NPI's Cascadia Advocate

Offering commentary and analysis from Washington, Oregon, and Idaho, The Cascadia Advocate is the Northwest Progressive Institute's uplifting perspective on world, national, and local politics.

Tuesday, November 2nd, 2021

Ann Davison ahead of Nicole Thomas Kennedy for Seattle City Attorney in initial results

It has been a long, long time since a Repub­li­can was elect­ed to a city­wide posi­tion in Seat­tle, but that could be about to change if the elec­tion results we’re see­ing tonight hold. With about fifty per­cent of the bal­lots that are expect­ed to be cast in the elec­tion tab­u­lat­ed thus far, Ann Davi­son has a sev­en­teen point lead over rival Nicole Thomas-Kennedy for Seat­tle City Attorney.

Davi­son has 58.25% of the vote and Thomas-Kennedy has 40.96%.

The post, one of two exec­u­tive posi­tions cho­sen by Emer­ald City vot­ers every four years, is cur­rent­ly held by three-term incum­bent Pete Holmes.

Holmes failed to advance to the Novem­ber gen­er­al elec­tion back in the sum­mer after NPI’s pre­elec­tion sur­vey of the August 2021 Top Two elec­torate showed that his cam­paign for a fourth term was in big trou­ble.

That cre­at­ed a gen­er­al elec­tion matchup unlike any in recent mem­o­ry, pit­ting a Repub­li­can (Davi­son) against an abo­li­tion­ist (Thomas-Kennedy).

Davi­son was also the ini­tial top vote get­ter in August, but fell to sec­ond after being sur­passed by Thomas-Kennedy in late bal­lots. How­ev­er, Davi­son’s lead over Thomas-Kennedy this time is much wider than in August, which will make it much hard­er for Thomas-Kennedy to mount anoth­er come from behind victory.

Ear­ly gen­er­al elec­tion polling by Elway Research and Strate­gies 360 sug­gest­ed the race could be very com­pet­i­tive, with each poll find­ing only a small lead for Davi­son. How­ev­er, our sub­se­quent gen­er­al elec­tion polling found Davi­son with a nine­teen point lead over Thomas-Kennedy and thir­ty per­cent unde­cid­ed, sug­gest­ing the dynam­ics of the con­test had changed.

If past counts are any indi­ca­tion, the final tal­ly will show a clos­er race than what we’re see­ing tonight. But it does­n’t look like Thomas-Kennedy has enough run­way to change the out­come this time around.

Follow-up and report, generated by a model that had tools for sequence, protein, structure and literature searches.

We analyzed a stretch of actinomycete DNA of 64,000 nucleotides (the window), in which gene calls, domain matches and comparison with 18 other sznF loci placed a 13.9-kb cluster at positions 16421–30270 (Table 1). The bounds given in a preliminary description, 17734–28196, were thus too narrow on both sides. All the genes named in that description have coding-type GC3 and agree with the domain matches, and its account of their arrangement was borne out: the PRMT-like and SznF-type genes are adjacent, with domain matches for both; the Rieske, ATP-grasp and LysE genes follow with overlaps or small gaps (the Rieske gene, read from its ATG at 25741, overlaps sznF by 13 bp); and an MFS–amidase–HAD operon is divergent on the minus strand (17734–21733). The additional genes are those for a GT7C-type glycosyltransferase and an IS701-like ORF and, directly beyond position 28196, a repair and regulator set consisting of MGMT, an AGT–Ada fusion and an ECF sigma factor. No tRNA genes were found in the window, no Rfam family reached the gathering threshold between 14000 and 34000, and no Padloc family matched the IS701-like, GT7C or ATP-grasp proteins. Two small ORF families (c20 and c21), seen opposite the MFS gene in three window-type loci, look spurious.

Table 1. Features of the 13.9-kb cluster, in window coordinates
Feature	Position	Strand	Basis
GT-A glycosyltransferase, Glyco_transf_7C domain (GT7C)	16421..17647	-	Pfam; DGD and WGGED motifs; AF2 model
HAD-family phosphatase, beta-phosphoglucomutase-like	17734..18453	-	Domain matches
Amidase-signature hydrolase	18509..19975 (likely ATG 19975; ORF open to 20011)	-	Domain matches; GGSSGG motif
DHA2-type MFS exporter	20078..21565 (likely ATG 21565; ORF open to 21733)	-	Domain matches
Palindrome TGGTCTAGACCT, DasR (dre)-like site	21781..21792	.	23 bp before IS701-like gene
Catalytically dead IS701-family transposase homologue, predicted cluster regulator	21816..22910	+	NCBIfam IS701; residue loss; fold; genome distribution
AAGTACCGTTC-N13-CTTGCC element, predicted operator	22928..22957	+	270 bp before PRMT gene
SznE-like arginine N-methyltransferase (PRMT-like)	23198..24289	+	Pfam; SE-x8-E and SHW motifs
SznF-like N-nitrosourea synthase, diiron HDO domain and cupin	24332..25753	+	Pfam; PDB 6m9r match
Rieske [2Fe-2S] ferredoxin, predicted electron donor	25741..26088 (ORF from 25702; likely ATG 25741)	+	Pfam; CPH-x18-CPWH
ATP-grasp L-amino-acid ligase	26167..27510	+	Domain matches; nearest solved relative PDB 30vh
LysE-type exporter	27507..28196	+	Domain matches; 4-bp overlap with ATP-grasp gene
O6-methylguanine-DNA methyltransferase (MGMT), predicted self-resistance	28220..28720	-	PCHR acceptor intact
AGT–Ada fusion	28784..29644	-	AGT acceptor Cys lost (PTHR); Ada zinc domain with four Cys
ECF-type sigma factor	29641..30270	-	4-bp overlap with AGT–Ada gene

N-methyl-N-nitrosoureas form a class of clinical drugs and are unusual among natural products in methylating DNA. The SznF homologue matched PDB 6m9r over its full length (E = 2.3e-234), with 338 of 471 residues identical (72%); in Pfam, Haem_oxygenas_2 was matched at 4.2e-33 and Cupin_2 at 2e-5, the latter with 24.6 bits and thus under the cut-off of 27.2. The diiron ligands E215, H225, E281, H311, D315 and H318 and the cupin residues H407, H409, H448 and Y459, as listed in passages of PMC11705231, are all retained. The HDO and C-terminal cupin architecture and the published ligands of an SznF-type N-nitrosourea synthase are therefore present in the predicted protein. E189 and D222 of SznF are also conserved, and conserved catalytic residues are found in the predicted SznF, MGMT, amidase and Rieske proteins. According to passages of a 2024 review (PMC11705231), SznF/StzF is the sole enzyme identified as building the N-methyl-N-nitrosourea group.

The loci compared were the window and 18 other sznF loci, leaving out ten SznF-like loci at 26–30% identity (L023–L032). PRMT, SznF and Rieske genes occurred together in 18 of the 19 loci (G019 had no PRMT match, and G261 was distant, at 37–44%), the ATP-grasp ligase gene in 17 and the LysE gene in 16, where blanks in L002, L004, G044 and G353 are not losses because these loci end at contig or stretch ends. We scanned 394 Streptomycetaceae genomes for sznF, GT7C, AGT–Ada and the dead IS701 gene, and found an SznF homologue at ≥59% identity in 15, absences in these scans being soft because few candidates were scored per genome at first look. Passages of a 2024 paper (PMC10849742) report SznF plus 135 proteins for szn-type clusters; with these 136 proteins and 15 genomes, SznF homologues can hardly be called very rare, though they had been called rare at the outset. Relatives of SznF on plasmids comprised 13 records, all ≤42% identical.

Pow­er­ful, mon­eyed inter­ests have been spend­ing a for­tune these past few weeks to get Davi­son elect­ed, and while those expen­di­tures doubt­less helped pro­pel Davi­son to where she is tonight, she arguably got an even big­ger boost out of the parade of for­mer gov­er­nors, judges, and jus­tices who pub­licly endorsed her can­di­da­cy, from Gary Locke and Chris Gre­goire to Bobbe Bridge and Lau­ra Inveen.

When you’re a Repub­li­can run­ning for office in a heav­i­ly Demo­c­ra­t­ic city, it real­ly helps to have well known Demo­c­ra­t­ic names vouch­ing for you.

Thomas-Kennedy, mean­while, has been on the defen­sive for much of the autumn despite hav­ing the sup­port of the Demo­c­ra­t­ic Par­ty, owing in part to tweets she post­ed last year, in which she open­ly cheered on peo­ple who were destroy­ing prop­er­ty in the after­math of the mur­der of George Floyd. Davi­son’s camp has been using the tweets to bash Thomas-Kennedy at every pos­si­ble opportunity.

Thomas-Kennedy’s cam­paign cre­at­ed a stir­ring video to rebut the attacks and urge vot­ers to frame-shift before mak­ing a deci­sion, but has been rely­ing on sup­port­ers to repost and share it. As Paul Queary explained a cou­ple of days ago, her cam­paign sim­ply has­n’t had the home stretch vis­i­bil­i­ty that Davi­son’s has because it has uti­lized a more unortho­dox strat­e­gy and tactics.

As of the date of the cam­paign’s last C4, on Octo­ber 26th, Thomas-Kennedy’s cam­paign had spent $348,061.48 of $406,796.94 raised since its incep­tion, with $34,364.42 in lia­bil­i­ties and a bal­ance of $24,371.04. Thomas-Kennedy’s biggest expens­es have been for staff and can­vass­ing through Prism West. The cam­paign has made sig­nif­i­cant use of democ­ra­cy vouchers.

Davi­son, mean­while, is in the red. She has raised $397,426.26 and spent $370,008.47, has $59,906.50 in lia­bil­i­ties and only $27,417.79 on hand, which means she has a neg­a­tive bal­ance of $32,488.71. But a lot of her spend­ing has gone into paid adver­tis­ing dur­ing the vot­ing peri­od. On Octo­ber 14th, for instance, she bought $170,000.00 of cable TV adver­tis­ing through CN4 Partners.

Davi­son also got a boost from The Seat­tle Times Com­pa­ny, which ran an unusu­al num­ber of edi­to­ri­als like this harsh­ly bash­ing Thomas-Kennedy as an extrem­ist and unfit for office. The Stranger, mean­while, has been crit­i­cal of Davi­son. It has backed Thomas-Kennedy with an enthu­si­as­tic endorse­ment and friend­ly cov­er­age.

In a Seat­tle City Attor­ney race with con­ven­tion­al dynam­ics, Davi­son would prob­a­bly be los­ing right now, but this was any­thing but a con­ven­tion­al race.

I sug­gest­ed last month that Thomas-Kennedy’s deci­sion to cam­paign as an abo­li­tion­ist rather than brand­ing her­self as a pro­gres­sive Demo­c­rat helped open the door for Davi­son to find a path to vic­to­ry in this con­test, and I’ve since heard from sev­er­al Cas­ca­dia Advo­cate read­ers who agree with that analysis.

If Davi­son goes on to win, Seat­tle will soon have a new City Attor­ney with almost no rel­e­vant court expe­ri­ence and a “not qual­i­fied” rat­ing from the Wash­ing­ton Coali­tion of Minor­i­ty Legal Pro­fes­sion­als. The City Coun­cil may soon need to step up to pro­vide more account­abil­i­ty and over­sight than it has in the past.

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